Galvez tells LGUs: No need to buy vaccines, PH has sufficient supply

Published October 24, 2021, 1:30 PM

by Martin Sadongdong

The National Task Force (NTF) Against COVID-19 advised local government units even outside Metro Manila not to worry about buying vaccines against the coronavirus disease (COVID-19), saying the government has already enough supplies to inoculate its target population.

A medical worker administer a COVID-19 vaccine to a minor at the Las Pinas District Hospital during the second phase of the COVID-19 vaccination for minors in Metro Manila on Oct. 22, 2021. (Photo by Ali Vicoy)

Sec. Carlito Galvez Jr., vaccine czar and chief implementer of the National Task Force (NTF) Against COVID-19, made the assurance on Saturday night, Oct. 23, in response to House deputy speaker Rufus Rodriguez that the national government has been “sitting” on the vaccine procurement applications of LGUs.

“The country has been receiving an average of 1 million COVID-19 vaccines daily since the start of October. And once we receive them, they are immediately deployed to LGUs and other implementing units throughout the country. There is no time wasted,” Galvez said.

The country has received 94,678,340 vaccine doses since they started arriving in February. Around 10 million of these are stored in warehouses that are ready for distribution while 40 million doses are due for administration.

This October alone, a total of 24,587,050 doses have been transported to the country by various manufacturers that include Pfizer, Moderna, Sinovac, AstraZeneca, and Sputnik V.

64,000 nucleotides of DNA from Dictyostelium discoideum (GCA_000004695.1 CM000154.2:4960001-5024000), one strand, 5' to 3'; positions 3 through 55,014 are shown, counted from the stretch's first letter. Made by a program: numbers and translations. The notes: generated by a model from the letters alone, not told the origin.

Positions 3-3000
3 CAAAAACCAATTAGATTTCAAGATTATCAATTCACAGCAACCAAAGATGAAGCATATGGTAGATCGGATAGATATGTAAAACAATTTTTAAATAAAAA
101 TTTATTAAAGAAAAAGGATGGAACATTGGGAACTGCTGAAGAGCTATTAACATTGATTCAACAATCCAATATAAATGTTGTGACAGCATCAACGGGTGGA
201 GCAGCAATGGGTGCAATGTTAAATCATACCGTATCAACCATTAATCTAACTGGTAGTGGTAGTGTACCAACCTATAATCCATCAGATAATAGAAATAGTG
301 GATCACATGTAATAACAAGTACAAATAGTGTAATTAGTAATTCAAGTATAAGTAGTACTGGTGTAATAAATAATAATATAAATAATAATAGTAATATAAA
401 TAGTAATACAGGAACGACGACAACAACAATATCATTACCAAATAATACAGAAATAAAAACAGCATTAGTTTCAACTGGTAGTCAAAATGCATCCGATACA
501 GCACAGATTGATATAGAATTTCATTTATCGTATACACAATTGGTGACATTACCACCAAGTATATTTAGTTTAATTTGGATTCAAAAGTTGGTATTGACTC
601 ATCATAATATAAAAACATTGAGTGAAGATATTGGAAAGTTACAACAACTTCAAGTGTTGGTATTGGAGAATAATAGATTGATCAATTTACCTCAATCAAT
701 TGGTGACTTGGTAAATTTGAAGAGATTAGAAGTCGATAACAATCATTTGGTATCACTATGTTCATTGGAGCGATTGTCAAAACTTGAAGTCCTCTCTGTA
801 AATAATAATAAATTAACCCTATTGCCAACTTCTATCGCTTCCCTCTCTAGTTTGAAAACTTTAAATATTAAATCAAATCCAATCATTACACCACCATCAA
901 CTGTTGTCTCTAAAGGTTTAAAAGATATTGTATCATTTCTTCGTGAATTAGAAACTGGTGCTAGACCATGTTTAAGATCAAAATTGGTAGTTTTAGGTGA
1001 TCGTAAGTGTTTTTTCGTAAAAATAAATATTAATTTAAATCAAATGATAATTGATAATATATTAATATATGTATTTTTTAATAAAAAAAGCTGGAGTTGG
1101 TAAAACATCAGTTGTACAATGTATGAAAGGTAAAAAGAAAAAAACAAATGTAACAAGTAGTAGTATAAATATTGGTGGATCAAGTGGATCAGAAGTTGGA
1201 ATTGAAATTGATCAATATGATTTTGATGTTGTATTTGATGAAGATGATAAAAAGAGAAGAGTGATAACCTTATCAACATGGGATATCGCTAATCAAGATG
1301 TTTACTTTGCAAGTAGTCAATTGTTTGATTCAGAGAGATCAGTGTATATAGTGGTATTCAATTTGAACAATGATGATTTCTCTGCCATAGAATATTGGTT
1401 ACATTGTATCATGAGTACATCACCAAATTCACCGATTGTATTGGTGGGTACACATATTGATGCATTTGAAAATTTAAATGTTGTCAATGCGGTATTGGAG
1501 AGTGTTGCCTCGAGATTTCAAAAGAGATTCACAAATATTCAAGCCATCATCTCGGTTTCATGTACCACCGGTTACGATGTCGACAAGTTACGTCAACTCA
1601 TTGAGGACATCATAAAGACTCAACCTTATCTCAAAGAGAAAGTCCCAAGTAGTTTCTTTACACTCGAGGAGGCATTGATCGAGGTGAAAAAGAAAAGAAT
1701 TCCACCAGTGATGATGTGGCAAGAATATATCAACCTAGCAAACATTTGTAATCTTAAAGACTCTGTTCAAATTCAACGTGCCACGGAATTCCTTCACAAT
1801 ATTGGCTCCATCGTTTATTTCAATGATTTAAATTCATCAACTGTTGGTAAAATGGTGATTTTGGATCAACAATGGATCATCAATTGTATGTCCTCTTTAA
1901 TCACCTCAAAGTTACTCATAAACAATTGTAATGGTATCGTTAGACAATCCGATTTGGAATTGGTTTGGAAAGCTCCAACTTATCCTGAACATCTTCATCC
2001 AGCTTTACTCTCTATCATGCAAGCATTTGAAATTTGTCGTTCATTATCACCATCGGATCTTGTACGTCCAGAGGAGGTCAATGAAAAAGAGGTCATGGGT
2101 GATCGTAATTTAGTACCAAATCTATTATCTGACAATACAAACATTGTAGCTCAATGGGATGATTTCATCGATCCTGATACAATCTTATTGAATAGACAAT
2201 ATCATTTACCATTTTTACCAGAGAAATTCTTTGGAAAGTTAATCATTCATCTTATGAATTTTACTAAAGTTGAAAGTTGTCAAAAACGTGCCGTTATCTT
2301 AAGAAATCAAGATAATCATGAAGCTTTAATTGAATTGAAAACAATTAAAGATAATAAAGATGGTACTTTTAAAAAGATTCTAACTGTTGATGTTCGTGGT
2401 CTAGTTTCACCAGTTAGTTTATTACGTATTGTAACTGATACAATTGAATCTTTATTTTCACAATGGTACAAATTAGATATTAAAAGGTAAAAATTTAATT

Around 6 p.m. Sunday, Sinovac Biotech was also scheduled to deliver three million doses of CoronaVac vaccine — two million doses were bought by the government while one million doses were procured by the government from China.

In total, the national government has purchased 58.7 million doses while LGUs and private sector have bought 7.98 million doses. Global vaccine sharing initiative COVAX facility has also donated 24.3 million doses to the Philippines while 3.64 million doses were shared by friendly nations thru bilateral donations.

“As I have been telling our LGUs over the past several weeks, vaccine supply is no longer a problem for our country. Our main concern at this point is how to get these COVID-19 jabs into the arms of as many Filipinos as quickly as possible,” Galvez said.

In a Congressional hearing on the government’s pandemic response in September, Rodriguez accused the national government of “playing God” as Galvez supposedly inacted on LGUs’ request to buy their own supplies of COVID-19 vaccines through multi-party agreements (MPAs) due to the “slow” rollout in provinces.

But Galvez explained that the national government had decided to put on hold the MPAs it was supposed to sign with LGUs.

“During the Congressional hearings in September, I informed our honorable legislators that the national government could not push through with these MPAs because we had to be prudent when entering into these kinds of transactions,” Galvez said.

“And upon our review of those proposed agreements, we saw that there were questionable deals among them which would primarily benefit third party consolidators, and would put our LGUs in a highly disadvantageous position,” he added.

 
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